Four Tips to Save on Car Insurance

Four Tips to Save on Car Insurance

Find Cheap Auto Insurance Quotes in Your Area

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For drivers across the country, car insurance is a significant expense—costing, on average, more than $1,500 per year. However, drivers who know the following tips can save money on car insurance. These include comparing multiple quotes, utilizing discounts, keeping young drivers on their parents' insurance and increasing your deductible for comprehensive and collision coverage.

Tip 1: Compare Car Insurance Quotes

Shopping around for car insurance is often the best way to save on insurance. We found that comparing quotes to find the cheapest policy can save you as much as 50% on your annual car insurance costs compared to going with an insurer with average rates.

Insurers consider a number of elements when setting rates, meaning the cheapest company for you will vary depending on your driver profile. Your age, whether you've been in accidents and what car you drive all have an effect on your auto rates, and comparing quotes is the only way to identify which company can help you save the most.

Tip 2: Utilize Discounts

There are several "standard" auto insurance discounts that nearly every insurer offers, such as multivehicle and multipolicy discounts. What drivers may be less familiar with are the dozens of niche discounts that can add up to hundreds of dollars in savings on car insurance each year.

Affinity Group Discounts

Many car insurance companies offer reduced car insurance premiums for drivers who are members of certain affinity groups, such as AAA. Geico, in particular, has teamed with hundreds of professional and alumni organizations—including fraternities and sororities—to help drivers save money on their car insurance.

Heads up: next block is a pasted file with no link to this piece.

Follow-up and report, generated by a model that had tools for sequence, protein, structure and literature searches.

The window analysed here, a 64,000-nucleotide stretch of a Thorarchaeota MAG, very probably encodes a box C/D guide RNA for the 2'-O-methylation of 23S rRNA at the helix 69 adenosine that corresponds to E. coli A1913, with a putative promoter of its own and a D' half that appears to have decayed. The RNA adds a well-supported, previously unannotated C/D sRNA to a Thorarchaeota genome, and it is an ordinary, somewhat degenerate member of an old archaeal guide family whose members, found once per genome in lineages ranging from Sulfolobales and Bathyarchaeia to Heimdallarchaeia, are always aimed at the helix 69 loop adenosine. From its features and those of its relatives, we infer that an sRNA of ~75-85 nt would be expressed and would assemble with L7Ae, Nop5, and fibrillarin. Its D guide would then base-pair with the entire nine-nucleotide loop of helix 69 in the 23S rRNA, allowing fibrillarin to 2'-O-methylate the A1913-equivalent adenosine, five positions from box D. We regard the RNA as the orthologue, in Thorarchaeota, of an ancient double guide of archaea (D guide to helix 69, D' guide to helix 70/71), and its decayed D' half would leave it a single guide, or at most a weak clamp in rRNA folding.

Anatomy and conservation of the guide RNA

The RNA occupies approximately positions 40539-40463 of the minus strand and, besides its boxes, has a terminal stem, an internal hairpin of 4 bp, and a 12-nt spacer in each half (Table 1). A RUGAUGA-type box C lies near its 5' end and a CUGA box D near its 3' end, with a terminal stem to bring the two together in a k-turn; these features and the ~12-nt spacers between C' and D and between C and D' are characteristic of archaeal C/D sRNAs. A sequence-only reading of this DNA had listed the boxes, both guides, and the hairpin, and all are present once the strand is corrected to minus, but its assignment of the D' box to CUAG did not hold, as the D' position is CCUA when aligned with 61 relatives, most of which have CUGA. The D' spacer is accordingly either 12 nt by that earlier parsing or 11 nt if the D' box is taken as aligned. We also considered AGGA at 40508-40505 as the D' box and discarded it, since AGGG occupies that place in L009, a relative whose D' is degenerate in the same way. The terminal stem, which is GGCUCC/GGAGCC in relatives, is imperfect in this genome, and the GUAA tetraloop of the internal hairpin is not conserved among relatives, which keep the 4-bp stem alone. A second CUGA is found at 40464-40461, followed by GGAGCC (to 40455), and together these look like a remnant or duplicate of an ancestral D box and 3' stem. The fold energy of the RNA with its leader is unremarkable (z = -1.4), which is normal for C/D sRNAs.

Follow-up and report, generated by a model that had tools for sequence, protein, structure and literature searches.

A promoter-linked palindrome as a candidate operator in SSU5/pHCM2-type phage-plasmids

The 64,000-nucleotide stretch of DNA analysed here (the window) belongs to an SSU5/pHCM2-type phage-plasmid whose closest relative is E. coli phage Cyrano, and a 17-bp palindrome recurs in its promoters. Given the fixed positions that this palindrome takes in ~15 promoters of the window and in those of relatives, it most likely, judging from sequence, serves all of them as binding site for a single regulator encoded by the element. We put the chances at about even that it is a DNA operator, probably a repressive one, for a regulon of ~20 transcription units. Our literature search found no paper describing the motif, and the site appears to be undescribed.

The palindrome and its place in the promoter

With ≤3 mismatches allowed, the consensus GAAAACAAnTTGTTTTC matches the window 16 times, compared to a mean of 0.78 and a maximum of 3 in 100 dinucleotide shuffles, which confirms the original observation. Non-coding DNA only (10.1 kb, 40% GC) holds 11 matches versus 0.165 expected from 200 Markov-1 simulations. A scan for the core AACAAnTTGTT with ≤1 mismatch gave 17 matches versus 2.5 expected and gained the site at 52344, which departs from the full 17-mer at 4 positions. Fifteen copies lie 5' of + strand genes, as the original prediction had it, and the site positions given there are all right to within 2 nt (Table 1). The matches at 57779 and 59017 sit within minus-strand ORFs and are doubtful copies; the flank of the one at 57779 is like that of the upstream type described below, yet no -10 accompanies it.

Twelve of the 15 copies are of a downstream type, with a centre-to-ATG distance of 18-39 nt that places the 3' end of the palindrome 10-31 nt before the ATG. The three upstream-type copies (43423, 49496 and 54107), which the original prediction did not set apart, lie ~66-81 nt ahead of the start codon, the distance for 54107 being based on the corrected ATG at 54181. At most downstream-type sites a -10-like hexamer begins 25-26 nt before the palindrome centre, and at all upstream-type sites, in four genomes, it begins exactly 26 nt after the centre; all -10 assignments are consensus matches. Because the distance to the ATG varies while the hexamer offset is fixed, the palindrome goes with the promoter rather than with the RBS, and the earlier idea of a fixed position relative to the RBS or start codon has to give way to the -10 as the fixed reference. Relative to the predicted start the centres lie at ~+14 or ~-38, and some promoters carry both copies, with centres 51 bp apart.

Good Student Discount

High school and college students who are able to maintain good grades—usually at least a 3.0 GPA—are eligible for a good student discount with most insurers. We've found that student drivers can get up to a 25% savings on their car insurance costs with certain insurers. Often, to qualify for this discount, all you have to do is submit a copy of your transcript to your insurance company.

Occupational Discount

Depending on the field you work in—and in some cases, your employer—you may qualify for a discount with some auto insurance companies. For example, educators and teachers can expect to receive discounts from Liberty Mutual. Similarly, emergency responders, including police officers, firefighters and EMTs, receive discounts on their auto insurance from Farmers Insurance and Nationwide.

Electronic Billing Discount

Many national insurance companies offer a discount for agreeing to pay your premiums electronically or choosing to receive paperless statements via email. Drivers who take advantage of these car insurance discounts could save as much as 10% on their coverage costs.

Tip 3: Keep Young Drivers on Their Parents’ Policy

Having a young driver on their parents’ policy usually results in much lower auto insurance costs. Compared to the cost of insuring a teen driver on their own policy, we found that adding young drivers on their parents' plan can save 66% on car insurance.

The flip side, however, is that insurance rates for the parents could increase if their children get into a car accident and have to file a claim. It’s wise to explore pricing for both a separate policy for your teen driver and for adding them to (or retaining them on) the family policy, and to consider both premium costs and your comfort level with their driving.

Tip 4: Adjust Your Collision and Comprehensive Deductible

Opting for a higher comprehensive and collision insurance deductible is an easy money-saving tip for individuals who can afford to pay more out of pocket for car repairs in the event of a covered accident. Based on our research, increasing your deductible from $500 to $1,000 can reduce the cost of coverage by 25% for comprehensive and collision coverages. Furthermore, if your car is worth less than a few thousand dollars, dropping collision coverage altogether would reduce your car insurance premiums even more.

Bailey is a Research Analyst at ValuePenguin, covering insurance. He graduated from Occidental College with a B.A. in Mathematics and a minor in Computer Science. Bailey's analysis of the insurance industry and driver behaviors has been featured by CNBC, the Houston Chronicle and the National Transportation Bureau Safety Board.

Editorial Note: The content of this article is based on the author’s opinions and recommendations alone. It has not been previewed, commissioned or otherwise endorsed by any of our network partners.